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LA Kings’ Simon Gagne Is More Anxious Than Most To Get Season Underway

PRE-TRAINING CAMP: After missing a boatload of games during the 2011-12 regular season due to a concussion, Los Angeles Kings left wing Simon Gagne is feeling better than he has in years. He told Frozen Royalty why, and he talked about his motivation, excitement and added incentive to get the new season underway.


LA Kings left wing Simon Gagne, who missed
48 games last season due to a concussion, is
healthy and very anxious to get the
abbreviated 2012-13 season started.
(click above to view larger image)
Photo: Gann Matsuda/FrozenRoyalty.net

EL SEGUNDO, CA — Under the circumstances, veteran Los Angeles Kings left wing Simon Gagne might just be more anxious than most National Hockey League players to finally get the abbreviated 2012-13 season underway.

Gagne returned during the 2012 Stanley Cup Final, playing in four games before hoisting the Stanley Cup with his teammates on June 11, 2012.

Prior to that, Gagne missed 48 regular season games after suffering a concussion on December 26, 2011, when the Kings hosted the Phoenix Coyotes.

Gagne ended the regular season with a paltry seven goals and ten assists for 17 points, with a -1 plus/minus rating, and 18 penalty minutes in 34 games.

Shortly after the Kings won the 2012 Stanley Cup Championship, Gagne underwent neck surgery.

“When I cut my hair in Tampa Bay [where he played in the 2010-11 season], I noticed the bump on the back [of my neck],” said Gagne. “I hurt my neck that year.”

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Stanley Cup Win Moves LA Kings Hall Of Fame Broadcaster Bob Miller Closer To Retirement

FROZEN ROYALTY EXCLUSIVE: With the Los Angeles Kings winning the Stanley Cup for the first time in their history last June, their Hall of Fame play-by-play announcer Bob Miller moved a step closer to retirement. In the final installment of a series featuring the Kings’ long-time broadcasters, Miller talked about his future, along with what he is working on during the NHL lockout.


LA Kings television play-by-play announcer Bob Miller, shown here with his wife, Judy, at their
Stanley Cup Party on June 26, 2012.
(click to view larger image)
Photo courtesy Bob Miller

LOS ANGELES — To coin a phrase using a local hockey term, the Los Angeles area was blessed for many years with a “Triple Crown Line” of play-by-play announcers calling the action for three of our local sports teams.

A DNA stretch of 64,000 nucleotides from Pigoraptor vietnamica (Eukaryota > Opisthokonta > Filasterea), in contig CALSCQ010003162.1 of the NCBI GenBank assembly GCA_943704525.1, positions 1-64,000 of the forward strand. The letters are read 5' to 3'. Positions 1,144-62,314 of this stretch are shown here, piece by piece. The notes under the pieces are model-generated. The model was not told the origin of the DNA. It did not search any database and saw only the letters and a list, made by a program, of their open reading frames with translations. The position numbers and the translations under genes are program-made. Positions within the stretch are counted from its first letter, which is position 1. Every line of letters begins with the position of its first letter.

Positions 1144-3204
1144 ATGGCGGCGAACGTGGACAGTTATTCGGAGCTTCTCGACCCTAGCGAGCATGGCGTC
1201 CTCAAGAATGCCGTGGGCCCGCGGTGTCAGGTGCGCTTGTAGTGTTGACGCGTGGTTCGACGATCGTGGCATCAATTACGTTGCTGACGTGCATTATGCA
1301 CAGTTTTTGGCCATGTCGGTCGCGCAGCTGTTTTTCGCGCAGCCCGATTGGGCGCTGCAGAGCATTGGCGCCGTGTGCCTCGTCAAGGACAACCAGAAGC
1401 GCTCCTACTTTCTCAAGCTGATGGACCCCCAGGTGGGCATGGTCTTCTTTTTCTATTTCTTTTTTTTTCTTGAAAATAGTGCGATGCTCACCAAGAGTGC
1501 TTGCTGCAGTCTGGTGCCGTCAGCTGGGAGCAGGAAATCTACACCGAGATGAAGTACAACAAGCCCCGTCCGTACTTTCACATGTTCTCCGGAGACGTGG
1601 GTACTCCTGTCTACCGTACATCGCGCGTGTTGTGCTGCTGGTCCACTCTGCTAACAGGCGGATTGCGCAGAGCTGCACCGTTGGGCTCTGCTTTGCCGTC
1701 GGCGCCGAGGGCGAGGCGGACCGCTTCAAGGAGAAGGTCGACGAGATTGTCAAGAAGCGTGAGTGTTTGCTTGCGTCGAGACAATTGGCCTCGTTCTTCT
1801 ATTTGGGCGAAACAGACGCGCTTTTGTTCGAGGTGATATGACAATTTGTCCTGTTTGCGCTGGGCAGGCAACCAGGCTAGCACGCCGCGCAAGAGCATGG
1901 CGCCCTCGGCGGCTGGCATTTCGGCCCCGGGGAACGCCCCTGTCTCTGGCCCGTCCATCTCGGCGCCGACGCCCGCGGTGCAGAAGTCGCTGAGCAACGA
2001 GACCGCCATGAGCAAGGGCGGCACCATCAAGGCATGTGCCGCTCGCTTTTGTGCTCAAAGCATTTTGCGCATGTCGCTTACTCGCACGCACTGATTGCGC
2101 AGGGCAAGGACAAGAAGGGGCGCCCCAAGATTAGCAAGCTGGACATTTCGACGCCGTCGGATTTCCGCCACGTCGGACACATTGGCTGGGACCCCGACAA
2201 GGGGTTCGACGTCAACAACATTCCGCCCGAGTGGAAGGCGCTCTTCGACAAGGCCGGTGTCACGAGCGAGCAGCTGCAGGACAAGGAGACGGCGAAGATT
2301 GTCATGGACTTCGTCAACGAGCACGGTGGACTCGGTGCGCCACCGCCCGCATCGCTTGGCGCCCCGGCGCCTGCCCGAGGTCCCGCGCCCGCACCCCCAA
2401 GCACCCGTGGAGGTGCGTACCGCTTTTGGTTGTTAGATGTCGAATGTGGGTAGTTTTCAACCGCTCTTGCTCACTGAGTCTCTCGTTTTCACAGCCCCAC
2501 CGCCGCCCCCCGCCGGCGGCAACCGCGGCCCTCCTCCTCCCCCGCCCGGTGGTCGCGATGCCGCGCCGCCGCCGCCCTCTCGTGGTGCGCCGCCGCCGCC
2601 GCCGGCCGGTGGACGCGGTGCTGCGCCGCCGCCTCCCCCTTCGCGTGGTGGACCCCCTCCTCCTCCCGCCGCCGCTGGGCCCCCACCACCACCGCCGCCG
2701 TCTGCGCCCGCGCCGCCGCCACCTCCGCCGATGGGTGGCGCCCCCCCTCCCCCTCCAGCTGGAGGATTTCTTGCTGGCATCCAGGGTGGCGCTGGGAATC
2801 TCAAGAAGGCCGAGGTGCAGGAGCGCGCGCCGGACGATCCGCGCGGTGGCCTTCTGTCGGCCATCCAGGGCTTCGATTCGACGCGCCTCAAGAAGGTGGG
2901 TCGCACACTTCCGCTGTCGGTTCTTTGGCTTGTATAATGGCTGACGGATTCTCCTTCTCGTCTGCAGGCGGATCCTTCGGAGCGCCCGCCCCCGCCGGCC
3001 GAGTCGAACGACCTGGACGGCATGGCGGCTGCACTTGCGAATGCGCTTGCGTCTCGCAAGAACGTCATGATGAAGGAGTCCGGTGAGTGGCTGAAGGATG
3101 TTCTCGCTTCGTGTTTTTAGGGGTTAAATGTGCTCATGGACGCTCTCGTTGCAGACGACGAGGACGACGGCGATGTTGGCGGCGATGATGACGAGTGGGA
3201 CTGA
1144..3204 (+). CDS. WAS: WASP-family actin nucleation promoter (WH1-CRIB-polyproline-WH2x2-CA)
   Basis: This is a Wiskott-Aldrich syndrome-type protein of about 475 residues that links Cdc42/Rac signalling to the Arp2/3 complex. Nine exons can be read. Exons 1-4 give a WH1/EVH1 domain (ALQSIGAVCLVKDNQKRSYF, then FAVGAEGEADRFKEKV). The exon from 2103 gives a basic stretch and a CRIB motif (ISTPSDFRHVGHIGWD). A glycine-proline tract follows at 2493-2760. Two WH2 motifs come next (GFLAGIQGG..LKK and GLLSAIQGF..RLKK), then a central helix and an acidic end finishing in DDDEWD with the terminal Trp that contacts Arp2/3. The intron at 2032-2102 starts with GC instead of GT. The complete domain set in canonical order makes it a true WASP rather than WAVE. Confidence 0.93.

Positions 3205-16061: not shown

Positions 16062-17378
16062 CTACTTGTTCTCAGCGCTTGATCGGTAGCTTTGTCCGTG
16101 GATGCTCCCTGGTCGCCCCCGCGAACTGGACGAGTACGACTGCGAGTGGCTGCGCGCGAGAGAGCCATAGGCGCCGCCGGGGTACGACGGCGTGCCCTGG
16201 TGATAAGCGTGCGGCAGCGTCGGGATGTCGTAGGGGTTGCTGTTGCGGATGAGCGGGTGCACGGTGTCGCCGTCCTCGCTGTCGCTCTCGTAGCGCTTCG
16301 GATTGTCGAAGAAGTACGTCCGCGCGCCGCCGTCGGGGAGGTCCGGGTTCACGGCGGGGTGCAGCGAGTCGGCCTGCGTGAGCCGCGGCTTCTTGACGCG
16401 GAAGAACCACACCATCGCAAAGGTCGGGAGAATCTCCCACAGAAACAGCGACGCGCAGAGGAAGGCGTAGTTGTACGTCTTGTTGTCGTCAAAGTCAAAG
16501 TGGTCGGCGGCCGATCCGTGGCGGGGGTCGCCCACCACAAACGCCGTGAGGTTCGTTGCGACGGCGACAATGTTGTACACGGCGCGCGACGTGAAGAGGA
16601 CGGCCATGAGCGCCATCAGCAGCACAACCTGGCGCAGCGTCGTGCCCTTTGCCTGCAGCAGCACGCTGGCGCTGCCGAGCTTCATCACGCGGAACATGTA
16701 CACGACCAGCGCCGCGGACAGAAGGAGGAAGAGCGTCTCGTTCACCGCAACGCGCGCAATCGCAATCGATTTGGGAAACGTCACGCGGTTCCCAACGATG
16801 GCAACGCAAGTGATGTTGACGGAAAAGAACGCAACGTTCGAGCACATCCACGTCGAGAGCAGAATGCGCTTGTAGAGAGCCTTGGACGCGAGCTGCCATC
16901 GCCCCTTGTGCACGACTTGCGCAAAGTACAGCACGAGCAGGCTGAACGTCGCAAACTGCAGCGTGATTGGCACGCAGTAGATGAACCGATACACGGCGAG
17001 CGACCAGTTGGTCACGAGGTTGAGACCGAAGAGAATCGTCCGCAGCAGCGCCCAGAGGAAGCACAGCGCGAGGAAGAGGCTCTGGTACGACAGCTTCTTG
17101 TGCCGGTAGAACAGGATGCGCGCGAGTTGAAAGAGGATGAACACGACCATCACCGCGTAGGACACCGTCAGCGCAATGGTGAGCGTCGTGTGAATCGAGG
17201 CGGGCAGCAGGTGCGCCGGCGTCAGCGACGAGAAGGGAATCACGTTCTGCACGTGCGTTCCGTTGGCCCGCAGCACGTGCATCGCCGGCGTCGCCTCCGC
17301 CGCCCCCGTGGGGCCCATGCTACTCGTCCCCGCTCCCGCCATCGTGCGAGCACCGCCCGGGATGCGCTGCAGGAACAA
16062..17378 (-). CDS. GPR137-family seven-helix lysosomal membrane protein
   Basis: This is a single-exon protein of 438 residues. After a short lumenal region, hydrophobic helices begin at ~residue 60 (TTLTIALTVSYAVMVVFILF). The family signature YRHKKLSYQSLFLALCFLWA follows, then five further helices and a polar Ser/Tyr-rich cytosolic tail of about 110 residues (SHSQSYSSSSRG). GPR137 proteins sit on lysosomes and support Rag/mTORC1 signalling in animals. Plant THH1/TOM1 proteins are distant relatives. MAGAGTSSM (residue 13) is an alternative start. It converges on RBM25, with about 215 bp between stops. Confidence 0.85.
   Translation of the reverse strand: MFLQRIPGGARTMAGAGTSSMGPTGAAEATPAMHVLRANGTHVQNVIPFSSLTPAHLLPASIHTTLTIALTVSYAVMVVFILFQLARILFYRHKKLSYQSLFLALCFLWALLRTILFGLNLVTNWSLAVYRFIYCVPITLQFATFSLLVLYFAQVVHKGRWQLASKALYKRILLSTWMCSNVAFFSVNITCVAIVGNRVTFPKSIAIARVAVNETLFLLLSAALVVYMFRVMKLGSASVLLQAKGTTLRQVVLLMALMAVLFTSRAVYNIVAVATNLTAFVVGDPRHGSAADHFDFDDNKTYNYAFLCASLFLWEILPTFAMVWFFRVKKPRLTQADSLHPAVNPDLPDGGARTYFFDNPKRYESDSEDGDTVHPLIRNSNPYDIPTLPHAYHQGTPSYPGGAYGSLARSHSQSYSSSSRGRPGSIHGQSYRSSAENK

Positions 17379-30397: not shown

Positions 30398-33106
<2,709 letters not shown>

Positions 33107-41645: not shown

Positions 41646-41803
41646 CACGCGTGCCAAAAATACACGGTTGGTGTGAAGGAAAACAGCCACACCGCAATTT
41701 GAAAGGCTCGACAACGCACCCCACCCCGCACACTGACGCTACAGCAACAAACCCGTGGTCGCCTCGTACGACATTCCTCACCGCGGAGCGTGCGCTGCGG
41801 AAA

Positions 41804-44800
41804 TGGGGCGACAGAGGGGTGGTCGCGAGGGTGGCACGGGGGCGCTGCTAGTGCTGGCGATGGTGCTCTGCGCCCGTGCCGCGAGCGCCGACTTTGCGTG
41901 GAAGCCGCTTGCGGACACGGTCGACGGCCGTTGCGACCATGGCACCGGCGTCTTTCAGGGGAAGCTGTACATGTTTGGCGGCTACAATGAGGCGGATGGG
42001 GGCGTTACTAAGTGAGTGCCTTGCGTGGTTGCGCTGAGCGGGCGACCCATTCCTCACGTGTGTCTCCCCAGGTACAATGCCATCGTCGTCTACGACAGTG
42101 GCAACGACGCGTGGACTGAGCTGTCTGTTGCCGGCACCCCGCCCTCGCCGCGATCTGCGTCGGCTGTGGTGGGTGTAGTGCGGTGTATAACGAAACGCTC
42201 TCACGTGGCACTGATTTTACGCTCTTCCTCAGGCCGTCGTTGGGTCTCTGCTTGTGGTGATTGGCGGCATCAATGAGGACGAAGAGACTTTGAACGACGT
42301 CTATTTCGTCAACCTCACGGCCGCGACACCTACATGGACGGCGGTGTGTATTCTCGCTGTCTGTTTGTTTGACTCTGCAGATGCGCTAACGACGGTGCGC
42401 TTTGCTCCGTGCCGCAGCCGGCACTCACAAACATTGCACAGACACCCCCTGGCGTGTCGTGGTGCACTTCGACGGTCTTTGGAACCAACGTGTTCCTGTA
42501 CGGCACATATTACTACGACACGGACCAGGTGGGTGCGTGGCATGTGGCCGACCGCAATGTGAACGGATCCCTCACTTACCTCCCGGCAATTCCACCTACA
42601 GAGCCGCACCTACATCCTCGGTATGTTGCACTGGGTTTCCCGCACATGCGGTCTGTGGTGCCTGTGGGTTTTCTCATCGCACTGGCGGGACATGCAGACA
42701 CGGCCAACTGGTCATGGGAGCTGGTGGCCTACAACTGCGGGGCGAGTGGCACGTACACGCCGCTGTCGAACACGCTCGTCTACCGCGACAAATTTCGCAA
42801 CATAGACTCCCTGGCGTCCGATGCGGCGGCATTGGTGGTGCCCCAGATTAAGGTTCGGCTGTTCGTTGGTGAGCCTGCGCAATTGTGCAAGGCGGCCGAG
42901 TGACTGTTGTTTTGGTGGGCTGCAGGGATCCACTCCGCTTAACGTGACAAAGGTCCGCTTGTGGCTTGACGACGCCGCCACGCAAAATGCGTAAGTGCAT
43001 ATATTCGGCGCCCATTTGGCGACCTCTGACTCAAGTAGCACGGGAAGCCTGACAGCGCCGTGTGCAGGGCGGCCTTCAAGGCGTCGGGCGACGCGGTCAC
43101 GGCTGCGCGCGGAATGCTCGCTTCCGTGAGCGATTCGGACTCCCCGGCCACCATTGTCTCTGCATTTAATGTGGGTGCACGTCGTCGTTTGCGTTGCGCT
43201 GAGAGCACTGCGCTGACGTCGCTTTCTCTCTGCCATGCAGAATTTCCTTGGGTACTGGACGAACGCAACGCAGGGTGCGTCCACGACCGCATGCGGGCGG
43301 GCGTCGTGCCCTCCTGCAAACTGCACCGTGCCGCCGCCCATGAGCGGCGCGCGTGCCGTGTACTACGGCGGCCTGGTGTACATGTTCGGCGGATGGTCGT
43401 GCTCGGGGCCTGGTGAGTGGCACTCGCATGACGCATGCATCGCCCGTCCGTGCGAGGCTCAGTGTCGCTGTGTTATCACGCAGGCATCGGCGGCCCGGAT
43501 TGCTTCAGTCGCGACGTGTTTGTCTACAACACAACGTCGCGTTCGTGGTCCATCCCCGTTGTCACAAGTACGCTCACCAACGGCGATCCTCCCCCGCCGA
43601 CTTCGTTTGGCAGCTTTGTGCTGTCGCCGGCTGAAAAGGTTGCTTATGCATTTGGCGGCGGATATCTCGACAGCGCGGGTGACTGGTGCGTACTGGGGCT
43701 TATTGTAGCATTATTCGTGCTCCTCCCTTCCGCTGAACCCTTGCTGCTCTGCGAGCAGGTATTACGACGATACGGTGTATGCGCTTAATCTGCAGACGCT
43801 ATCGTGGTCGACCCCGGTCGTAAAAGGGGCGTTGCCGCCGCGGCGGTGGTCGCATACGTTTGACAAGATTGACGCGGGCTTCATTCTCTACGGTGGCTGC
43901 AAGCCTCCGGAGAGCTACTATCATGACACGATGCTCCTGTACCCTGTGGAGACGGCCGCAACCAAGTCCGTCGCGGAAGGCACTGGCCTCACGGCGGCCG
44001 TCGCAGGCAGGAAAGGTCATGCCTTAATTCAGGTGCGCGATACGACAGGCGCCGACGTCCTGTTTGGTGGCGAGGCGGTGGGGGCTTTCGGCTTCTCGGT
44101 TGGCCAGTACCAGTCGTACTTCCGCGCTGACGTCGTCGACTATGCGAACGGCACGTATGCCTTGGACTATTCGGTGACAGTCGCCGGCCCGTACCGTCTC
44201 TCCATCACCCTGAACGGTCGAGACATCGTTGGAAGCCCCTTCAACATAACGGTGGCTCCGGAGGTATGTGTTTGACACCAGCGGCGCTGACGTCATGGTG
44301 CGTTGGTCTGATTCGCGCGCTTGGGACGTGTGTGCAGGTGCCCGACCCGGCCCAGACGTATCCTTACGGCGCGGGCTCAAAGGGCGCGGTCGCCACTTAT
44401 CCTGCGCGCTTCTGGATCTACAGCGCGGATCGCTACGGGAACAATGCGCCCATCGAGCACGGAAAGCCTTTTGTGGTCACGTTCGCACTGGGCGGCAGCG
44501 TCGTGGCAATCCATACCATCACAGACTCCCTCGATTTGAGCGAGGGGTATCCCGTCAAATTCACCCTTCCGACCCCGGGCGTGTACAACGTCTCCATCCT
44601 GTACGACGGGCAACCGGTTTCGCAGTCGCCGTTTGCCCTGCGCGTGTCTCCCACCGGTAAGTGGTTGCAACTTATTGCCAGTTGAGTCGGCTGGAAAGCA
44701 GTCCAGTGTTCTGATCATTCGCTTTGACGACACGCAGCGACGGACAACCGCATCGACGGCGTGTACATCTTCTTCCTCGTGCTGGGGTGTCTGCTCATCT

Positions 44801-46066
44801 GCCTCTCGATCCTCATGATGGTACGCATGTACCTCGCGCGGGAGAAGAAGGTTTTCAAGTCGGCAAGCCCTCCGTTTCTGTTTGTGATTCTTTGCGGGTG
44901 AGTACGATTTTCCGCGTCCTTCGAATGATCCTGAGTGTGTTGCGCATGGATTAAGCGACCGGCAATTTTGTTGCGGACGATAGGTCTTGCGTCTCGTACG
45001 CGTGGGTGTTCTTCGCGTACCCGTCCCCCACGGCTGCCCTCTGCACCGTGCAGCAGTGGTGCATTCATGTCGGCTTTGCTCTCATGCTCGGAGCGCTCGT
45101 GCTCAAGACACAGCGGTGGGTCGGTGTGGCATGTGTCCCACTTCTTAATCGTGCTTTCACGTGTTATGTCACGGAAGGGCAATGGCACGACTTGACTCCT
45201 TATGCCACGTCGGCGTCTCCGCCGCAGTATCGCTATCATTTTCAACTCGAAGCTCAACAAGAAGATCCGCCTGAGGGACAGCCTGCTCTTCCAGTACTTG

As Southern California sports fans know, Vin Scully is an institution with the Los Angeles Dodgers, while the late Chick Hearn called the action for the Los Angeles Lakers, and was as much of an institution as Scully is for the Dodgers.

The third member of that Hall of Fame trio is Los Angeles Kings television play-by-play announcer Bob Miller, who has called the action for the Kings for 39 seasons. He was the recipient of the Foster Hewitt Memorial Award in 2000, which recognizes “…members of the radio and television industry who made outstanding contributions to their profession and the game during their career in hockey broadcasting,” making him a media honoree in the Hockey Hall of Fame.

Miller has received countless awards and honors, in addition to the 2000 honor by Read more of this post

Professionalism And Pain: Bob Miller, Jim Fox Forced To Be Healthy Scratches During Most Of LA Kings Playoff Run

FROZEN ROYALTY EXCLUSIVE: As so many who follow the Los Angeles Kings are very much aware, their award-winning, highly-acclaimed television broadcasters, Bob Miller and Jim Fox, were forced out of the broadcast booth after Game 5 of the 2012 Western Conference Quarterfinals with NBC having exclusive rights to televise NHL playoff games from the second round on. In the tenth installment of a series featuring the Kings’ long-time broadcasters, Miller and Fox talk about what it was like to watch most of the Kings’ magical run to the Stanley Cup from a perspective that was completely different from what they’re used to.


LA Kings television broadcasters Jim Fox (left)
and Bob Miller (right), shown here at Miller’s
Stanley Cup party on June 26, 2012.
Photo courtesy Bob Miller

LOS ANGELES AND EL SEGUNDO, CA — The complaints were loud and clear, and very, very frequent, especially once the Los Angeles Kings reached the 2012 Stanley Cup Final.

Kings fans wanted to see and hear their long-time television broadcasters, Bob Miller and Jim Fox, who were unable to broadcast games after the first round of the playoffs.

Miller, the 39-season Voice of the Kings, who was the recipient of the Foster Hewitt Memorial Award in 2000, making him a media honoree in the Hockey Hall of Fame, and Fox, who has partnered with Miller for 22 seasons, were forced out of the broadcast booth because NBC’s contract with the National Hockey League gives them exclusive broadcast rights beginning with the second round of the playoffs, a fact that many fans were not aware of, or did not understand.

Miller and Fox knew, but that did not make it any easier.

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Stanley Cup Visits The Troops at Bob Hope USO – Los Angeles International Airport – In Photos

A lucky US Marine gets a photo with the Stanley Cup and the LA Kings
Ice Crew at the Bob Hope USO - Los Angeles International Airport
on October 9, 2012.
Photo: David Sheehan/FrozenRoyalty.net

LOS ANGELES — The Los Angeles Kings and the Stanley Cup paid a visit to the troops at the Bob Hope USO (United Service Organizations) at Los Angeles International Airport (LAX) on October 9, 2012.

The Bob Hope USO at LAX, operated by the USO Greater Los Angeles Area, is a stopover of sorts for troops traveling through LAX on their way to their next duty, or while on their way home after serving in a distant location. Read more of this post

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